- fifteen mechanized brigades;

- five motorized brigades;

- two mountain brigades;

- a brigade of infantry motorized hunters.

The main "workhorse" of the Armored Forces and Mechanized Infantry Forces is the T-64 tank, developed and produced during the Soviet period in factories located in the country. Other types of tanks deployed from Kiev are the T-72 and T-80, also inherited from the Soviet period, and the T-84 (photo), the latter developed by independent Ukraine.

The tank line is then reinforced by thousands of other armored vehicles of all types, mostly inherited from the Soviet period, such as the BMP-1, BMP-2 and BMP-3 infantry fighting vehicles (IFVs) protected vehicles. for the infantry (APC) BTR-60, BTR-70, BTR-80 and MT-LB and the armored cars BRDM-1 and BRDM-2, others obtained in very recent years by Western partners such as armored vehicles Saxon of British production and the famous armored jeeps of American origin M1114 Humvee and others developed and produced by the domestic industry in the last 8 years, such as the protected infantry vehicles (APC) BTR-3, BTR-4, Kozak-2, KrAZ Shrek, KrAZ Spartan, Dozor-B e Novator. It is very difficult to say precisely how many means are available to the forces of Kiev. In fact, for reasons of national security, from 2014 onwards, the Government and the Ministry of Defense have stopped publishing the related tables which up to the previous year showed the statistics on the availability of equipment and on the numbers of vehicles kept in the warehouses.

Most of the quantitative data in circulation are taken from publications by Jane's, RAND or the CIA which, however, have proved to be not always reliable.

The main unknowns regarding the statistics of Ukrainian military means essentially concern four aspects:

- first: how much of the arsenals inherited from the Soviet period is still available to Ukrainians in stock and has not been sold, destroyed or converted in the meantime?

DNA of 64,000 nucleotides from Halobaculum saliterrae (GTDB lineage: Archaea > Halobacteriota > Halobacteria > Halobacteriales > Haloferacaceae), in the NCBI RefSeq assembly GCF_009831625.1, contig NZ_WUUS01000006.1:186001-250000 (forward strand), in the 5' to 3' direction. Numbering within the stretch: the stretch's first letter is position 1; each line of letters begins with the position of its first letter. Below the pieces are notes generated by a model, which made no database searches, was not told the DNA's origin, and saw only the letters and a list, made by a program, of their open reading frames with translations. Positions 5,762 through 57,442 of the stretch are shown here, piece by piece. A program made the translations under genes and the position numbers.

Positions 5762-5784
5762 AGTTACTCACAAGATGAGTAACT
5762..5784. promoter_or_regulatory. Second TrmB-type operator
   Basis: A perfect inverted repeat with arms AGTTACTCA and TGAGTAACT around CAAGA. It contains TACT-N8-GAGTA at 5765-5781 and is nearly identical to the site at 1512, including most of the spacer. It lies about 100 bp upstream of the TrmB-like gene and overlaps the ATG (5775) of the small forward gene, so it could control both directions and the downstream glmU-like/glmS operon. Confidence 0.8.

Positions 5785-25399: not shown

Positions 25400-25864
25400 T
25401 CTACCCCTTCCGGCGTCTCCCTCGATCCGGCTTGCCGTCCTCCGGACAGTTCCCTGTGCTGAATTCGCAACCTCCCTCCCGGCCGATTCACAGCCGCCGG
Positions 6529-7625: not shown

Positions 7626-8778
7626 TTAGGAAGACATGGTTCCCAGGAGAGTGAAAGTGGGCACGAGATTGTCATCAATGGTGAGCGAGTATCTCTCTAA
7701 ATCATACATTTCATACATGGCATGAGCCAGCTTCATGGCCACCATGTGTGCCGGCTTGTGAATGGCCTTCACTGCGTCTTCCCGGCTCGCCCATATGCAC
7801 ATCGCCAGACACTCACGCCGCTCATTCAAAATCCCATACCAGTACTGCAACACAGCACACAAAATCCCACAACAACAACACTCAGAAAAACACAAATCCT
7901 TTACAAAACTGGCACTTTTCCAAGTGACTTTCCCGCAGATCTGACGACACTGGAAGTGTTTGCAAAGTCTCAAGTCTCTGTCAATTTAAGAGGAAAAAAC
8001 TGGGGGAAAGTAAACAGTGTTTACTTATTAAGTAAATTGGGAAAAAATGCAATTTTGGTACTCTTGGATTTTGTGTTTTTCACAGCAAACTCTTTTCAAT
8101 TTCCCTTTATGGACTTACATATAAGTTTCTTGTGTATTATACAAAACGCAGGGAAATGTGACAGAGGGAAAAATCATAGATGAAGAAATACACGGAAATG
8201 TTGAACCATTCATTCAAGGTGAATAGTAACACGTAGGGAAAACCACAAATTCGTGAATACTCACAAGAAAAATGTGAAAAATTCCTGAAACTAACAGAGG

- second: what is the real ability of the Ukrainian defense industries to put previously stored assets back into service and, perhaps, upgrade them to modern battlefield standards to increase their operational capabilities?

- third: what is the real capacity of the Ukrainian technical offices and industries to design, test and produce in large numbers new combat vehicles for their armed forces?

- fourth: overall, from 2014 to date, how many Ukrainian Armed Forces vehicles were destroyed or captured during the Donbass War?

Considering the sources relating to the Anglo-Saxon world mentioned above, the number of armored vehicles of all types nominally available to Ukrainians today should be around 16.000 units, but it is obvious to anyone that those actually operational are only a fraction of the total (maybe 30% to want to be generous!). It is obvious that if the Armored Forces and the Mechanized Infantry Forces want to be able to devise an effective defense strategy, they must necessarily be able to count on the collaboration of the Rocket Launcher and Field Artillery Forces and the Army Aviation and on the protection guaranteed by the Artillery. Missile and Air Defense.

The Rocket Launching and Field Artillery Forces are made up of fire units equipped with tactical missiles, howitzers, cannons, mortars, rocket launchers and anti-tank guns and as in the purest traditions borrowed from the Soviet past, they represent the true "queens of the battlefield ".

From the organizational point of view they are divided into "tactical units", "front units" and "strategic units" and are equipped almost exclusively with means inherited from the Soviet period.

The "tactical units" are made up of nineteen "artillery groups" assigned to each of the brigades that make up the Armored Forces and the Mechanized Infantry Forces and have the task of providing tactical support fire to the same units.